Is it true that given two celestial objects of the same size and at the same distance, the fainter one will appear smaller? Is there a calculation that can be made about how smaller? Is it the same for naked eye observation or telescope observation?

  • $\begingroup$ No, this is not, in general true. Most celestial objects do not appear to have any size at all and only appear as points of light. Perhaps you are talking about an optical illusion or misconception that brighter stars are closer. $\endgroup$
    – James K
    Commented Dec 11, 2023 at 19:21
  • $\begingroup$ But if two object have the same size and the same distance, then they will have the same angular size, $\endgroup$
    – James K
    Commented Dec 11, 2023 at 19:23
  • $\begingroup$ @JamesK I might be thinking something wrong, but consider a celestial object (star/planet). The edges are not well defined but rather smoothed due to resolution. The intensity cutoff (which depends on the sensor, your eyes, a camera, etc) will determine how big the actual object appears to be. It's like having a gaussian with threshold in the altitude: the percieved width seems to change, right? $\endgroup$
    – Kim
    Commented Dec 11, 2023 at 19:37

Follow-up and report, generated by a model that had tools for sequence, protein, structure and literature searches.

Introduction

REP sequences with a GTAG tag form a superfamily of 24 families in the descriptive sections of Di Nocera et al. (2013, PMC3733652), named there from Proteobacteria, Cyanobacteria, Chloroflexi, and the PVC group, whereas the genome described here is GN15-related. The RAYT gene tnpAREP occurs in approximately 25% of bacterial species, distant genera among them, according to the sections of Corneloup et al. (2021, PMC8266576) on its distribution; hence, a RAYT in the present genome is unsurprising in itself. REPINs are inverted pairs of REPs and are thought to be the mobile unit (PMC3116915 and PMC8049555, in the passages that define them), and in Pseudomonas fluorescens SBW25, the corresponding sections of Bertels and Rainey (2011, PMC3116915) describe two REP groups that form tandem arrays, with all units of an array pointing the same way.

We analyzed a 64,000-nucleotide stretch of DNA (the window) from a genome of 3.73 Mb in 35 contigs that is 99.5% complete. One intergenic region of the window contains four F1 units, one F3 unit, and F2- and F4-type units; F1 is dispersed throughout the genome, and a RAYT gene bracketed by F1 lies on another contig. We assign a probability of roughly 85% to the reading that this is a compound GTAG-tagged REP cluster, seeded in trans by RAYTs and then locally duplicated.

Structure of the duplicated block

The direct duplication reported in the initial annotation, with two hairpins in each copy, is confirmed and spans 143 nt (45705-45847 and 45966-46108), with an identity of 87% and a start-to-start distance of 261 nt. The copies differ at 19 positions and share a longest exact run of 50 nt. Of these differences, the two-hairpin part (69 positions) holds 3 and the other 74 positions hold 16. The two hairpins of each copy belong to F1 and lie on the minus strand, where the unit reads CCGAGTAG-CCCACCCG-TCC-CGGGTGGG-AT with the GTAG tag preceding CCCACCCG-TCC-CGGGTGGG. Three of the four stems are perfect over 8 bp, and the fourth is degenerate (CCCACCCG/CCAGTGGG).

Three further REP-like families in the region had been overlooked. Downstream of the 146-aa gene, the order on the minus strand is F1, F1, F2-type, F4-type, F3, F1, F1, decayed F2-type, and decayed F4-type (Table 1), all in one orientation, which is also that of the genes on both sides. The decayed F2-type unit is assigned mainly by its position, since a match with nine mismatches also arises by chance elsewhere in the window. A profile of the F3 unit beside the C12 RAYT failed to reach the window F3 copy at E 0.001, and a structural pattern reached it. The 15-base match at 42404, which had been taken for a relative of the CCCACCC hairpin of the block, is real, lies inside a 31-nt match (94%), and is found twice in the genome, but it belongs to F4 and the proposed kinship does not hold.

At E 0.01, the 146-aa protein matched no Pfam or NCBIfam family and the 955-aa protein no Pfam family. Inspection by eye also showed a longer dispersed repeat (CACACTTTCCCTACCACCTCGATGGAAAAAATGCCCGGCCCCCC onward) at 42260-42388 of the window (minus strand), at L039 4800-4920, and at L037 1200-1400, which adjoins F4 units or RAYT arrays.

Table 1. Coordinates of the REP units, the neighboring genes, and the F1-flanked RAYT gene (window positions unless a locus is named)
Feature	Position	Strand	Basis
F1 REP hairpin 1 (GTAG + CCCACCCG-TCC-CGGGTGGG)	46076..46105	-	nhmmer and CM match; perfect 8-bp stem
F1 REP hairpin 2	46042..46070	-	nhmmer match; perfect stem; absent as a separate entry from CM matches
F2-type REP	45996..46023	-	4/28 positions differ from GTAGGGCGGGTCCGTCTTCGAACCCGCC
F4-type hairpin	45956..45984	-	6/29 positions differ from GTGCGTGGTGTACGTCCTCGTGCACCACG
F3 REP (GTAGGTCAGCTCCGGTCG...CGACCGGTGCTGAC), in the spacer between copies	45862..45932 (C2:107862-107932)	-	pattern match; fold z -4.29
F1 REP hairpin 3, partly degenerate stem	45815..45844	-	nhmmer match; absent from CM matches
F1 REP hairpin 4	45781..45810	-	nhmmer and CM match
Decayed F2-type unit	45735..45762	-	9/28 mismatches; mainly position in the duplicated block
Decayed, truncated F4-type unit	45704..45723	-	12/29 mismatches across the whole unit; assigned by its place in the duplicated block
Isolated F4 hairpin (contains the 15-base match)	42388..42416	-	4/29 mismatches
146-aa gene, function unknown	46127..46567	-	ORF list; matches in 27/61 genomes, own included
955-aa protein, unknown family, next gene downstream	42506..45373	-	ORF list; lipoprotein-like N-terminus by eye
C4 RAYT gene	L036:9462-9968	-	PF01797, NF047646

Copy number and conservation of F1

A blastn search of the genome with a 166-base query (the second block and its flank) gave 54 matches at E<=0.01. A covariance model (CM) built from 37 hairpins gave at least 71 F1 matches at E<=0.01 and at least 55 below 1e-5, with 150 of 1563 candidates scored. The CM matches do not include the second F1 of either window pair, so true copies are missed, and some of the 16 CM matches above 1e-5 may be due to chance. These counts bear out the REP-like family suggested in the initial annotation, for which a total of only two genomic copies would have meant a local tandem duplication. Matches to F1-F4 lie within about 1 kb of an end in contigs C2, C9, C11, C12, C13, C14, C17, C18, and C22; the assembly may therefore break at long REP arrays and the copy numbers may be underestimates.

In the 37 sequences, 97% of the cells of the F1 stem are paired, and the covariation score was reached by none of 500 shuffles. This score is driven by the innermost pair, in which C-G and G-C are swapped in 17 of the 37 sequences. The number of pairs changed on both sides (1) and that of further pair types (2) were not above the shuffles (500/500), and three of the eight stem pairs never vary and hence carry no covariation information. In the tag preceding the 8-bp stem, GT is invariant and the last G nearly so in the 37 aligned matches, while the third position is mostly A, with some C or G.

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    $\begingroup$ Perhaps that is an effect with object that actually have indistinct edges, like galaxies. But not with planets and the like, Their edges are very clear and sharp. $\endgroup$
    – James K
    Commented Dec 11, 2023 at 19:46
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    $\begingroup$ It sounds like you might be talking about the "point spread function", which is an optical effect that causes brighter pinpoints of light to appear larger. en.wikipedia.org/wiki/Point_spread_function $\endgroup$ Commented Dec 11, 2023 at 21:06

1 Answer 1


In general this is not true. Most celestial objects appear as points of light to the naked eye, and don't have any apparent size. (Though your brain might conflate "bright" with "near" or "large" - giving rise to ufo reports about Venus)

Objects like the moon have a clear edge and making the moon brighter wouldn't make it larger. There are a number of optical illusions relating to the moon's size, but generally the optical illusion is that it seems larger when it is close to the horizon, and so actually dimmer (due to absorbsion of light by the atmosphere).

But some objects have no clear edge. Objects like galaxies just get fainter and fainter as you get further from the centre. A telescope that can see fainter light would see a larger body than one that can only see the central, brightest part of the galaxy. Comets, likewise, can appear larger if they are brighter, simply because we can see the generally fainter outer parts of the comet if it is brighter.

And the optical limitations of lenses and mirrors will turn a point source of light into a (very) little fuzzy disc. This is called the "point spread function". As stars appear as little fuzzy discs, without sharp edges, brighter stars will appear as bigger in photographs taken of the night sky.


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